Dr Adam Christman and veterinary technician Michael Natale sit down to discuss how veterinary science CTE classes can help shape a future generation of veterinary professionals
A typical high school day of sitting in geometry, Spanish, social studies, and more isn't for everyone. Some high school students have the chance to attend career and technical education classes during the day to learn how to become a chef, carpenter, and even a veterinary professional.
During this episode of The Vet Blast Podcast, Adam Christman, DVM, MBA, and Michael Natale, LVT, discuss the options high school students have if they are interested in veterinary medicine, plus how the available courses can help determine which veterinary career is best for them.
Michael Natale, LVT: For starters, what is CTE? Right? I think a lot of people don't even know what that stands for. So CTE stands for career and technical education. Typically, a lot of the students who are attending these programs don't necessarily want to sit in the typical classroom within the high school setting so you know, geometry, English, social studies classes. So they want to attend a school where they can actually learn about a trade or an industry that they wish to pursue following graduating from high school. That ranges from you know, veterinary medicine, dentistry, nursing, aviation, culinary, things like that.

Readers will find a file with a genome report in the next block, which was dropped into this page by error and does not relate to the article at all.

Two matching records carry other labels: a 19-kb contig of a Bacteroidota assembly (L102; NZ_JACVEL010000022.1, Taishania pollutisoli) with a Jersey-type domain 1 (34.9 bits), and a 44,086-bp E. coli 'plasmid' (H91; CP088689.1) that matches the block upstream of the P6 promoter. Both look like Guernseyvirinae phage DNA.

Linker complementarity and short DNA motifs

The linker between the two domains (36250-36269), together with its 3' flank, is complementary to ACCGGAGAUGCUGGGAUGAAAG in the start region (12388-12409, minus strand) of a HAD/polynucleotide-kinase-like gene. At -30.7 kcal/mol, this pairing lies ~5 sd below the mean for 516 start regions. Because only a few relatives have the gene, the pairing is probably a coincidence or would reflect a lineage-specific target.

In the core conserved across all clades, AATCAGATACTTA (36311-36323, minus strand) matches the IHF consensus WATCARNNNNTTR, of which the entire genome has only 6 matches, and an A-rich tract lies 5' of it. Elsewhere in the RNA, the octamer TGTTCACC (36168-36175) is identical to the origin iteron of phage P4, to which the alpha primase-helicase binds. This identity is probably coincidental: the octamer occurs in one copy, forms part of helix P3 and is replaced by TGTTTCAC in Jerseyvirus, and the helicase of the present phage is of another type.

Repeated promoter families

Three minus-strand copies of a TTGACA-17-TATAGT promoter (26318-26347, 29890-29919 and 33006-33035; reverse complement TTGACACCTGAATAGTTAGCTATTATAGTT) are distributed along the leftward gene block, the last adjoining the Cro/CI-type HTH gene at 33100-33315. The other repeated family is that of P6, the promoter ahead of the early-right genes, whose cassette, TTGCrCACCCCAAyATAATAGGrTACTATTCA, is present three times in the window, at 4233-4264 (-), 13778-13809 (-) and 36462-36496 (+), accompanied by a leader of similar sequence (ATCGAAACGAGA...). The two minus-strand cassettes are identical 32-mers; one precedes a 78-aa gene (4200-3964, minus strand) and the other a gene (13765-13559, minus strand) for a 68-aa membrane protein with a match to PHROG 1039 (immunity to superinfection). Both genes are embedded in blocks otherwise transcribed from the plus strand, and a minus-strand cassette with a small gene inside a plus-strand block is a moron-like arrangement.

Adam Christman, DVM, MBA: So, did they still have to take like any prerequisites or any other classes concurrently? Like, are they taking biology, languages, and the [CTE]?
Natale: Yeah, so the day is split up, typically, year 1 and year 2. So, in year 1 you may be coming for 2 hours of the day to us and then the 2 other hours of your day are spent at your home school, taking your social studies, your English, or your math. However, depending on your program, you actually get credits for math, English, [and] science, which are what my students currently obtain while enrolled in my program.